The sad discovery that hangs in front of my face and makes me really sad (and will surely make all of us sad) is that our educational system has not been enhanced to produce globally competitive Filipinos, while our neighboring countries have done that long ago. No wonder our economy has lagged behind our neighbors.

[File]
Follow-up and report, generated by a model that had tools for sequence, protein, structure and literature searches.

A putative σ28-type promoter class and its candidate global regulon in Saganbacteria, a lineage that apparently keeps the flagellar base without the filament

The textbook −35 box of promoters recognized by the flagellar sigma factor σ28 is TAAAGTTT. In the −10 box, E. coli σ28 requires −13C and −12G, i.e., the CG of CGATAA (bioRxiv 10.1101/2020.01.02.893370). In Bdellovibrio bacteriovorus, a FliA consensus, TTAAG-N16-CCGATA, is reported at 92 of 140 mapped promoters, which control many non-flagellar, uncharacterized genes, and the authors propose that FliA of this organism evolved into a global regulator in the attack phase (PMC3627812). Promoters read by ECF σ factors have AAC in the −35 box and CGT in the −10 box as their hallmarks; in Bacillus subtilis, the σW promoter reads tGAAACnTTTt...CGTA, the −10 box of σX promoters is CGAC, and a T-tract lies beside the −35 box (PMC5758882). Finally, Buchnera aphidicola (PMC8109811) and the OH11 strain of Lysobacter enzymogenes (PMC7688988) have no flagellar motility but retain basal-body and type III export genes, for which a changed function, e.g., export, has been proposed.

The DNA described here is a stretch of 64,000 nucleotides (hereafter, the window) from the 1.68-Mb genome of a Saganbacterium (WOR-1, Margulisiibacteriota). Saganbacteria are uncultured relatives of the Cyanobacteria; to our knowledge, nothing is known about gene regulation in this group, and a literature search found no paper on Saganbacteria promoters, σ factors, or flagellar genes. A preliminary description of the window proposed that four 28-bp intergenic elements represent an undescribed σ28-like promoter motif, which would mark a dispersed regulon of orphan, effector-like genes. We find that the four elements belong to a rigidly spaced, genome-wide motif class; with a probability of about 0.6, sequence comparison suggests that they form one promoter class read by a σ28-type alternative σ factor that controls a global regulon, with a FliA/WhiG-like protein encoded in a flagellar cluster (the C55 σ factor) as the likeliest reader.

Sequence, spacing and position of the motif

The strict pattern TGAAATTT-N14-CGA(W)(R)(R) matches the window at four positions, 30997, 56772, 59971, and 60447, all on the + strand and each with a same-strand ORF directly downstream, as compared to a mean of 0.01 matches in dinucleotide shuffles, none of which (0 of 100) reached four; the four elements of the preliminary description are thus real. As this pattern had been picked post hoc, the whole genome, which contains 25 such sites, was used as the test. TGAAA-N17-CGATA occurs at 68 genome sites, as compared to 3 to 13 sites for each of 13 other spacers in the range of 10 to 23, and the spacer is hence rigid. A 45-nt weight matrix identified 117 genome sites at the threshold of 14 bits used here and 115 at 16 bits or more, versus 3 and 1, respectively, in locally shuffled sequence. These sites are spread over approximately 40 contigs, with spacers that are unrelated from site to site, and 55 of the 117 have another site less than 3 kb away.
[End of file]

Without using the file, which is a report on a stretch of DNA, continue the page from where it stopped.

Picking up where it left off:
But there is light at the end of the tunnel. The good news that I got from national dailies, is that finally, our government agencies responsible for enhancing our educational system are now talking about this situation. The Commission on Higher Education (CHED) and its top officers are now reportedly seriously considering aligning our educational system to the Bologna Accord which will in effect add two years to our secondary education and link it up with the higher education system of the advanced economies of the world. But the news item also states that their timetable is six years. If these are true, then in the meantime Filipinos have to obtain their own remedies to the gap that exists between what the local educational system can offer and what the global education system and international employers require. President Noynoy has this golden opportunity to give substance and muscle to what his father stood and fought for. Rizal and Ninoy are both right. There are indeed structural systems that oppress and suppress our people.